“The pigs were being mean and it made the wolf mad!”

“The wolf blew the house down because he didn’t like it when the pigs wouldn’t let him in.”

“The wolf just wanted to come into the house and the pigs weren’t nice because they wouldn’t let him in.”

Of course, being three years old, the kids didn’t have one important piece of information: wolves like to eat pigs. But I was very intrigued by the thought process here, and the connections they had made to reach this conclusion.

See, I am a firm believer that children are mean for a reason. They don’t hit just to hit. Usually their feelings have been hurt in some way; sometimes it is not because of the child that they hurt, but by an outside source such as a teacher. So in my classroom we talk a lot about how our actions affect the people around us. If you take a toy the child isn’t going to like it and is probably going to retaliate. We talk a lot about using language and telling children that they don’t like something instead of hitting them. So the language that they used to talk about how the pigs were treating the wolf helped me to see that they are making a lot of connections between behavior and action.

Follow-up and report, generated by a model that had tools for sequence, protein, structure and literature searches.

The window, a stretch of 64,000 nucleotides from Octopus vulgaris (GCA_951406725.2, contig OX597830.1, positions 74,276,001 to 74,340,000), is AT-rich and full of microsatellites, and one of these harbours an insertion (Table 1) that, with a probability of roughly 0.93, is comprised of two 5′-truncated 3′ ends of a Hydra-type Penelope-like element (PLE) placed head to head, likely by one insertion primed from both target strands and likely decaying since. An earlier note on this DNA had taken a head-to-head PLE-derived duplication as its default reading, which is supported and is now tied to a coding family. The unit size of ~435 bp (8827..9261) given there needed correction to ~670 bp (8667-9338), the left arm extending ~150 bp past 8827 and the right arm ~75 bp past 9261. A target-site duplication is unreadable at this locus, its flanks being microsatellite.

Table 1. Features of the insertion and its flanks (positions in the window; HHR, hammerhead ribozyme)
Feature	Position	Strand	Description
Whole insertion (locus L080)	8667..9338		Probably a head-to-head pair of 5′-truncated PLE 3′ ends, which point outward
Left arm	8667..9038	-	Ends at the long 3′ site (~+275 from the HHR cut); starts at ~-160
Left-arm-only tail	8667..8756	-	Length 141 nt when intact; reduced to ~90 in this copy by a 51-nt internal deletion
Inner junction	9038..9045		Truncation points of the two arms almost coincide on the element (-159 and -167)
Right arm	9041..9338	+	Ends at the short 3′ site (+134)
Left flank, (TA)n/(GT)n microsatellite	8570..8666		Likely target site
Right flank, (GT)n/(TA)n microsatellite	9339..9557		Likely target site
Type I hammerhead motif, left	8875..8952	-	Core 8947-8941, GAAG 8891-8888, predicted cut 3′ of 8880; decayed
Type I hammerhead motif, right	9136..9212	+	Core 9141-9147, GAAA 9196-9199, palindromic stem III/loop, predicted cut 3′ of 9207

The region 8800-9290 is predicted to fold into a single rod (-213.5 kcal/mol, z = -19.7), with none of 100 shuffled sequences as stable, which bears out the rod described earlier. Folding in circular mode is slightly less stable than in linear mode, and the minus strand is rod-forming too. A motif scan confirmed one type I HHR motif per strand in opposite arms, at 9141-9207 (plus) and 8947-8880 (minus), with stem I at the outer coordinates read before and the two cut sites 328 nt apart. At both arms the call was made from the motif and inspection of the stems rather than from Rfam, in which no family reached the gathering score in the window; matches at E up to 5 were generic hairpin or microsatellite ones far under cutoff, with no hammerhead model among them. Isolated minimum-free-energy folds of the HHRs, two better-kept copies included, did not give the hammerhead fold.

So what does this have to do with creativity? Creativity is about making these connections, and the children in my classroom who have been able to make these connections have come up with some creative ways to deal with each other socially rather than just having an all out free-for-all. They have begun to learn to work together toward a common goal, such as creating original ideas (like the swimming pool) because they have moved beyond thinking simply about themselves and what they want. They have come to see how their actions affect other people.

Reframing is a powerful tool in this respect. When you practice reframing and teach it as well, it can totally change the dynamics of a classroom environment. It is extremely difficult and time-consuming to implement, but the rewards are totally worth it.